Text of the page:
Asian Pacific films in the spotlight

Films from 26 countries will be showcased in the 25th annual Los Angeles Asian Pacific Film Festival, which opens tonight and continues through May 7 at various venues in L.A. including the Directors Guild of America, Laemmle’s Sunset 5 Theaters, the Downtown Independent Theatre and the Aratani/Japan America Theatre.

The festival, which also launches the celebration of Asian Pacific Heritage Month, includes 35 feature films and 146 shorts and videos. The opening-night program at the DGA is Tze Chun’s “Children of Invention.” The centerpiece feature, So Yong Kim’s “Treeless Mountain,” screens Sunday at the DGA. The Oscar-winning “Departures” closes the festival May 7 at the Aratani/Japan America Theatre.

From Europe

The South East European Film Festival also launches tonight at the Goethe-Institut with the Los Angeles premiere of the Croatian drama “Behind the Glass.” The festival closes Sunday at the James Bridges Theater at UCLA with the L.A. premiere of “Elevator” from Romania.



On Sunday, the British Film Festival hits various locations in Redondo Beach through May 8. The opening night presentation is “The Gods of Circumstance.”

Ransohoff slate

The American Cinematheque’s Egyptian Theatre pays tribute to veteran film producer Martin Ransohoff beginning Friday with a double bill of the 1964 black comedy “The Americanization of Emily” and 1973’s “Save the Tiger,” for which Jack Lemmon won the lead actor Oscar. On tap for Saturday is the 1968 action-thriller “Ice Station Zebra,” which was supposedly Howard Hughes’ favorite film. Rounding out the festival Sunday is 1985’s thriller “Jagged Edge” and 1965’s “The Cincinnati Kid” starring Steve McQueen. Ransohoff will appear at Friday and Sunday’s programs.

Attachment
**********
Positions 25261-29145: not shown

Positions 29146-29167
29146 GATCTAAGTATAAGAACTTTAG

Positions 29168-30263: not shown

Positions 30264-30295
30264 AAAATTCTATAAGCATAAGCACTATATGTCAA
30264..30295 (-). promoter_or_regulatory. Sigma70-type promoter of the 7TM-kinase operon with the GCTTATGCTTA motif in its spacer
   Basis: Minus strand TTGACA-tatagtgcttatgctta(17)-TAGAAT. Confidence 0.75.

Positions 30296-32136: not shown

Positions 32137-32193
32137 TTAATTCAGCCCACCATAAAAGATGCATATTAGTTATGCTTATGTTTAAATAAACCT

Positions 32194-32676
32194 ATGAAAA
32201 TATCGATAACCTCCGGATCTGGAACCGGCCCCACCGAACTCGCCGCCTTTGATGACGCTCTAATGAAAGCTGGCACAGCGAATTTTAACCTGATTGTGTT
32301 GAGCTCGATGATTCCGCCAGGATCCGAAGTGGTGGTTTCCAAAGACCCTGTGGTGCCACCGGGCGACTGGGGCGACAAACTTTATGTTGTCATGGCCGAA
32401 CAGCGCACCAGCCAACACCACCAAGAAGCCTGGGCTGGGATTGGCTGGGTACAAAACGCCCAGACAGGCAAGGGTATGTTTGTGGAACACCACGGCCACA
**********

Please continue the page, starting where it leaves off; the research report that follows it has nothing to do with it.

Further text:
Over at the Cinematheque’s Aero Theatre “The Best of James Bond Agent 007" celebration kicks off on Friday with the first two Bond flicks starring Sean Connery, 1962’s “Dr. No” and 1963’s “From Russia With Love.” Scheduled for Saturday are 1964’s “Goldfinger” and 1965’s “Thunderball.”

Two of the better Roger Moore Bond vehicles -- 1977’s “The Spy Who Loved Me” and 1973’s “Live and Let Die” -- wrap up the festivities Sunday.

And on Wednesday, the Aero commences its five-day tribute to legendary film star Mickey Rooney with 1962’s “Requiem for a Heavyweight” and 1947’s “Killer McCoy.” Rooney will be on hand between films to discuss his career. The retrospective continues through May 10. --